Works in the Herald 1930

In his first practice match in Sydney, Walter Hagen, the American golfer, completed the first nine holes in 35 - three under bogey and one under par.

Three under bogey and one under par!
   Oh, the urgent envy, the hopelessness intense,
Where the nation's captains and men of business are
   Turning into millions the world's elusive pence.
Councillors in council, directors at the Board,
   Glimpsing 'mid the grave talk that most elusive star;
Sighing for the great thing that life will ne'er afford:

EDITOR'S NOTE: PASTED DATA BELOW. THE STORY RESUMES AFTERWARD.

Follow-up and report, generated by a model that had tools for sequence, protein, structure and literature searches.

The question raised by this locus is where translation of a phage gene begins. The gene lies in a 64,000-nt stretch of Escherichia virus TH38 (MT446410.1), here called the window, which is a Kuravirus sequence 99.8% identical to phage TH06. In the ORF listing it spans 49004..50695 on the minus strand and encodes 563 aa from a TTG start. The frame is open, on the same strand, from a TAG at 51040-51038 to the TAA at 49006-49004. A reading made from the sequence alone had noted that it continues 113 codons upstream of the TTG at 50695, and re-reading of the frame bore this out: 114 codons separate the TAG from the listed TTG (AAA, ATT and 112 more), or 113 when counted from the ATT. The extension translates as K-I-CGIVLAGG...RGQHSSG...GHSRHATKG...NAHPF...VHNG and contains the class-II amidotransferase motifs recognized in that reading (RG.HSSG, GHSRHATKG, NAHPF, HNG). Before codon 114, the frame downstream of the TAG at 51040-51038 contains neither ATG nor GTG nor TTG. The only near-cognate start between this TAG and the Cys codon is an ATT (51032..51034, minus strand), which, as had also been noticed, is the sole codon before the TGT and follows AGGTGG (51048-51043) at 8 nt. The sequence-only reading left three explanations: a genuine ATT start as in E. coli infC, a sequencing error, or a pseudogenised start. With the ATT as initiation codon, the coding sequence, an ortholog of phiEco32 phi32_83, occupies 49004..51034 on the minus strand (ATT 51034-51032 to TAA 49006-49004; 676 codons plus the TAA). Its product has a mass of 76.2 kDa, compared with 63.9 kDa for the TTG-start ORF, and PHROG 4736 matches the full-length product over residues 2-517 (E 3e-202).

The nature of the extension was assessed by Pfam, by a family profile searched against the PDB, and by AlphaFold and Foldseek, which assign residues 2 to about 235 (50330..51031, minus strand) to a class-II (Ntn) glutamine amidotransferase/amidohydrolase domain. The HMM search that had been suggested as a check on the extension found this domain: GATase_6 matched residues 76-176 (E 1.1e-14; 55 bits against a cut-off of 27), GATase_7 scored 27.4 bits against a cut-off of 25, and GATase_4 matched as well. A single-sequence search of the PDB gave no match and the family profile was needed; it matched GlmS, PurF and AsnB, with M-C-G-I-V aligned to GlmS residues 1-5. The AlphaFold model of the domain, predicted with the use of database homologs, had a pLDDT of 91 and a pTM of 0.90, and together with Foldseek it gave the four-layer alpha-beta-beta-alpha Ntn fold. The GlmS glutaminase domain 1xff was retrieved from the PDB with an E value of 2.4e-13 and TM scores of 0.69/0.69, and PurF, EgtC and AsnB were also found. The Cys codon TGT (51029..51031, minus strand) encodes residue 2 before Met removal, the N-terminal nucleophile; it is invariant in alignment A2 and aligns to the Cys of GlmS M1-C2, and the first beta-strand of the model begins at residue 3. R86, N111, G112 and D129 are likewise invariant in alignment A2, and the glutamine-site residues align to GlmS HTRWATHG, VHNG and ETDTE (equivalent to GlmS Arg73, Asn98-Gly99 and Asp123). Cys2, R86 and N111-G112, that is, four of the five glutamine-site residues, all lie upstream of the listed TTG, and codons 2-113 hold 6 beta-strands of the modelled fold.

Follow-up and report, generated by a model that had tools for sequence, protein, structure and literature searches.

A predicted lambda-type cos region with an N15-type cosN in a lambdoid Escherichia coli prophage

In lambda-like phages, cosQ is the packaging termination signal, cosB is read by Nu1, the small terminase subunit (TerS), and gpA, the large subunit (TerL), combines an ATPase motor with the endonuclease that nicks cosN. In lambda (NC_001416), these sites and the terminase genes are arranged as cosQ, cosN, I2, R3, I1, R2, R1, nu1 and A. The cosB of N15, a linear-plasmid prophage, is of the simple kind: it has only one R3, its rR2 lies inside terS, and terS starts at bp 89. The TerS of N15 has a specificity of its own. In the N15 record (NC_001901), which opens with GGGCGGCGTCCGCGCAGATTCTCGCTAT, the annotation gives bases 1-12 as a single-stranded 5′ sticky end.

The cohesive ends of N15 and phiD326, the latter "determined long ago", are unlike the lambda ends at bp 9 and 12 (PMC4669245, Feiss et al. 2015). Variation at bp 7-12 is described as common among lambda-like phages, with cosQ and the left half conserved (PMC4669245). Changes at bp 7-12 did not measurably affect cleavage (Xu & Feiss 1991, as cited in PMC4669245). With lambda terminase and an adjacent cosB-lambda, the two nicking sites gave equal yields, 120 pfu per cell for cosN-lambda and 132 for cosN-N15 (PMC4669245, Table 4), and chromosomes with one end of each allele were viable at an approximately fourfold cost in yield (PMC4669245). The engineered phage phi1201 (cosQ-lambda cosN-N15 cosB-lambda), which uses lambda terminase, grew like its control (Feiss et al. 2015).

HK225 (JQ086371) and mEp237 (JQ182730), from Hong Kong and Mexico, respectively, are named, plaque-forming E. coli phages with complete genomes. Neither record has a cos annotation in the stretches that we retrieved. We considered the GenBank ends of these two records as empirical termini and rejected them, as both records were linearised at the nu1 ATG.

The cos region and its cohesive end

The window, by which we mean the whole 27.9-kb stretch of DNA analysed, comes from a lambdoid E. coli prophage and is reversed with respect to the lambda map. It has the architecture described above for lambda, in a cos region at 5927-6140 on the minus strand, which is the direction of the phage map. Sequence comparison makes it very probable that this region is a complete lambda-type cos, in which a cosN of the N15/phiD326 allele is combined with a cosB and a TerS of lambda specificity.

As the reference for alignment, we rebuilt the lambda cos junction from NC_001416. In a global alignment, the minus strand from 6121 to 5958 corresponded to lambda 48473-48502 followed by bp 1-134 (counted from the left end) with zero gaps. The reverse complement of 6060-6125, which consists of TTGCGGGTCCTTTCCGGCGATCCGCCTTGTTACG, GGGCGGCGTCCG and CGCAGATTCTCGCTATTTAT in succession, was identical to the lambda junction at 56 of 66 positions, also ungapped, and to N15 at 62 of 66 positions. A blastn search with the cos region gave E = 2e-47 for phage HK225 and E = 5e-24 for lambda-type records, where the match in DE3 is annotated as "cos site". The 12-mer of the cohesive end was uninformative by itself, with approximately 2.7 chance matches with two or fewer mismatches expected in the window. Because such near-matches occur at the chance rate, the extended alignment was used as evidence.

"Three under bogey and one under par!"

Manfully they've striven thro' a Sabbath noon
   Cursing in the bunkers, foozling on the rough,
Till a Sabbath eventide, coming all too soon
   Saw a nine in fifty-two, seeming fair enough --
Fair enough to talk about, boasting to a friend.
   Tell all the tale again in the clubhouse bar;
Telling of that mashie shot; but, ah, to what vain end?
   "Three under bogey and one under par!"

Giants of the counting house, grave and mighty men,
   Dream in gaudy offices futile dreams and vain,
Moving fate and destiny with one stroke of the pen --
   But, oh to move a niblick so as one more stroke to gain!
Life's a drab and tasteless thing, power but a myth
   While still the unattainable taunts them from afar.
What a dream for Robinson, for James, or Brown, or Smith:
   "Three under bogey and one under par!"

Herald, 6 March 1930, p4

Copyright © Perry Middlemiss 2003-04